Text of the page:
Welcome to our newest blog series, “Five Questions With…” In this series, we will highlight the unsung heroes that make healthcare work. From guest services to the phlebotomist, the pet therapy volunteer, and the environmental services workers. These individuals enhance our experiences when we are getting care and highlight human connection and support. Thank you for all you do!
Today, we feature Jae. Jae has been a Child Bereavement Coordinator at Penn Medicine for over five years.
Tell us more about what you do to support patients.
As a child bereavement counselor, I work with families of hospice patients in their homes, prior to and after the death of a loved one. I also work with children referred to us from the community, oftentimes as a result of more sudden and/or traumatic losses. I consider my work to be centered around the child but impacting the entire family unit, and utilize music therapy, art activities, and approach from a relational, strengths-based, and anti-oppressive lens.
What is the most challenging part of your job?
I have a very large caseload and have to end with every client at 13 months, sometimes before they are actually ready to move on from the support. Therefore, I have rolling terminations, often with clients with whom a strong relationship has been formed. And, currently, finding additional resources for kids has been a significant challenge as there are waitlists everywhere!
What is the thing you love the most about your job?
I love the privilege of bearing witness to young people and their families in the midst of something so devastating and vulnerable. While it’s very sad and difficult, young folks have a lot to teach adults about holding grief, love, sadness, and joy all at the same time. I also love serving people in their homes, as it gives me a better understanding of their context and feels more personal.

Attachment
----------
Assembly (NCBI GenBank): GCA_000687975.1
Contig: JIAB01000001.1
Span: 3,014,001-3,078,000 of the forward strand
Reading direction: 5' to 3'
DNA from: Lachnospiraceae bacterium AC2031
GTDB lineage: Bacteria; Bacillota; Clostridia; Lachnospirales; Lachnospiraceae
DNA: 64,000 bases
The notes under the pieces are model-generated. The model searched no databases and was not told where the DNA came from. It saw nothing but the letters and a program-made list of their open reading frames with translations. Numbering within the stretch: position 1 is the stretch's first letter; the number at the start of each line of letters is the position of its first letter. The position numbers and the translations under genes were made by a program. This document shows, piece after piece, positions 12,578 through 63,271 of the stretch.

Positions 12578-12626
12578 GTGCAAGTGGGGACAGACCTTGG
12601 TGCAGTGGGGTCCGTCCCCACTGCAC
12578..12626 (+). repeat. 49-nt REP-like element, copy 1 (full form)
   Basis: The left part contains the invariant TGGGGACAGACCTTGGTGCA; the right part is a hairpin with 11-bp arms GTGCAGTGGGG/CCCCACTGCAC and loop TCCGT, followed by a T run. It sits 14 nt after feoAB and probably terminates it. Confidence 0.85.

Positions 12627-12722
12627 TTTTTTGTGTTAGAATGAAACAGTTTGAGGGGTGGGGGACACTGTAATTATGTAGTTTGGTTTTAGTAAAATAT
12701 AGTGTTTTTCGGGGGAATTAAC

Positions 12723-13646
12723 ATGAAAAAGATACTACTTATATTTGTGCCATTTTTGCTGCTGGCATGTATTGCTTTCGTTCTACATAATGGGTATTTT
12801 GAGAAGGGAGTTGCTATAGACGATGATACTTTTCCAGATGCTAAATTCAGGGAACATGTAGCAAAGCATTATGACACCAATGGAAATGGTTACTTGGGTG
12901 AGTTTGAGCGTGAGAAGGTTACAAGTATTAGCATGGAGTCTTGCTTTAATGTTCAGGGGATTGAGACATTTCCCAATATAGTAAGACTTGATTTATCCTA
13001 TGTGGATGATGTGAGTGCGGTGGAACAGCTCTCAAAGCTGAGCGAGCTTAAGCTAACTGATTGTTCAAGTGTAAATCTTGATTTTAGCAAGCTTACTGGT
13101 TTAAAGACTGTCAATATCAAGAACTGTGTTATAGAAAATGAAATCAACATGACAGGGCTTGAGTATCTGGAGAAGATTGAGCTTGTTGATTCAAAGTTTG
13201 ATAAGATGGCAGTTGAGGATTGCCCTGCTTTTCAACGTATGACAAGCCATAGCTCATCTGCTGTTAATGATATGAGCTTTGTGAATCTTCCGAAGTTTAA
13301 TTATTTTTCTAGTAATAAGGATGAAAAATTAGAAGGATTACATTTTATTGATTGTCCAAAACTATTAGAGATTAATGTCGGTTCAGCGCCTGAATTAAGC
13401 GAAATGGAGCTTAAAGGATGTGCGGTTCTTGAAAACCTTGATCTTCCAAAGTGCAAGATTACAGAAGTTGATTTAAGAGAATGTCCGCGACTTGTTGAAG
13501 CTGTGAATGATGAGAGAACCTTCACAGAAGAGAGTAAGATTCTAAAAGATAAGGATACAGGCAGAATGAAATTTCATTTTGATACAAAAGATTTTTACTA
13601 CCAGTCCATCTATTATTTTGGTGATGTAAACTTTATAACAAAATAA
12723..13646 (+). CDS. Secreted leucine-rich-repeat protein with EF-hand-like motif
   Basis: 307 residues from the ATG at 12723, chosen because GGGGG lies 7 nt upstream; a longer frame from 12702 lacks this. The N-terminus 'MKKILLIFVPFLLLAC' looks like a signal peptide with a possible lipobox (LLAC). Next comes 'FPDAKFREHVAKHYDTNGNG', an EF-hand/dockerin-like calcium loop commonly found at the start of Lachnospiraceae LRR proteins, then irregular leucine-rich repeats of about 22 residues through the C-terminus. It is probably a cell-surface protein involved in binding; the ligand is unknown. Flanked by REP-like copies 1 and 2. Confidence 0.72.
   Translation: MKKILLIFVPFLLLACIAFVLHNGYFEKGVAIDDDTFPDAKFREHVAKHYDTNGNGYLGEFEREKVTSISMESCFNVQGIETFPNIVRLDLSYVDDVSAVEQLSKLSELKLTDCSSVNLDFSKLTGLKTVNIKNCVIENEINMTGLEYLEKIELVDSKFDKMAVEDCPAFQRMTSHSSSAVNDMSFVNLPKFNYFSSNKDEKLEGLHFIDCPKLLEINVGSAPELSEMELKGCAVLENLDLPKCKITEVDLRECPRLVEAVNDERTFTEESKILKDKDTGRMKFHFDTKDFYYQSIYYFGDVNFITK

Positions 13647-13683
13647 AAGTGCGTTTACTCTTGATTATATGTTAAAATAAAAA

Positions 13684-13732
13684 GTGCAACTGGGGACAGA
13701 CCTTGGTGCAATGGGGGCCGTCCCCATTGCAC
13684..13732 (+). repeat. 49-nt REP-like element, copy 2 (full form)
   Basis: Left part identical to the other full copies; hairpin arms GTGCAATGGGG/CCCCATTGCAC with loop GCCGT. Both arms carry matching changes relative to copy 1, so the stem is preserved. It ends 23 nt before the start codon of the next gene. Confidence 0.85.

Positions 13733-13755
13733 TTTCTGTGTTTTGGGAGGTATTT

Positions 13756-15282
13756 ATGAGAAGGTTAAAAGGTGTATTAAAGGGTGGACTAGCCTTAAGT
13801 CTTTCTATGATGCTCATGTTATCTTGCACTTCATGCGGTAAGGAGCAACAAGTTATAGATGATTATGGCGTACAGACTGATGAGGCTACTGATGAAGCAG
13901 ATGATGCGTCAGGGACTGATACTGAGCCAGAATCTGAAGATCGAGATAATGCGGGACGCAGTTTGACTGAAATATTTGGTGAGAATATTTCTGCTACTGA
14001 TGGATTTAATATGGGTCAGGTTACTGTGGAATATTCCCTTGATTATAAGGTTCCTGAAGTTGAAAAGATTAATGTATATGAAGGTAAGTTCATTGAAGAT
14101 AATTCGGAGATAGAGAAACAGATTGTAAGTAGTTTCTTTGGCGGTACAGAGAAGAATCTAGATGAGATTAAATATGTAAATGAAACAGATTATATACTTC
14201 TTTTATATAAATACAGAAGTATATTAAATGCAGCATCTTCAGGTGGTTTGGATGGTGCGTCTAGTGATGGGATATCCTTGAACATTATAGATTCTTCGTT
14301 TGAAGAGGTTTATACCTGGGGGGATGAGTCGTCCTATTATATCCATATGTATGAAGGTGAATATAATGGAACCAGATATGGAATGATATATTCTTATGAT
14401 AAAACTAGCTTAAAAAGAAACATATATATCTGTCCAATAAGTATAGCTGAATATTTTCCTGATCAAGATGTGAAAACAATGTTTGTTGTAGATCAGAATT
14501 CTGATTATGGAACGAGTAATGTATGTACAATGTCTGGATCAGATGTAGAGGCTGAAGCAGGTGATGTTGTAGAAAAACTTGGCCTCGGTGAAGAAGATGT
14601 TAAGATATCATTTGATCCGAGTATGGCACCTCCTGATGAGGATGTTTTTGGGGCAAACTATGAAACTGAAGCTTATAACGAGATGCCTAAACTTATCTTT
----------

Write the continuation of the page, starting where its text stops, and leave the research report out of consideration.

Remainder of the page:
If someone was applying for a similar position, what would you tell them about the work?
BE HUMBLE. Everyone dies and everyone grieves, so we serve everyone. It is important never to make assumptions or have any beliefs around knowing more about someone than they know about themselves. It is important to always be aware of the privileges and identity markers that you bring into the space and the impact of that on the families you serve. Trust must be earned and is never guaranteed.
What is a job accomplishment that you are proud of?
Recently I created and am facilitating a grief group for LGBTQ+ adults. The group filled quickly and seems to be meeting a community need that isn’t met widely enough. It has been an incredibly poignant and rich experience thus far.
Do you want to nominate a staff member, volunteer, co-worker, or friend for us to feature in “Five Questions With…” Go to oncolink.org/feedback and let us know!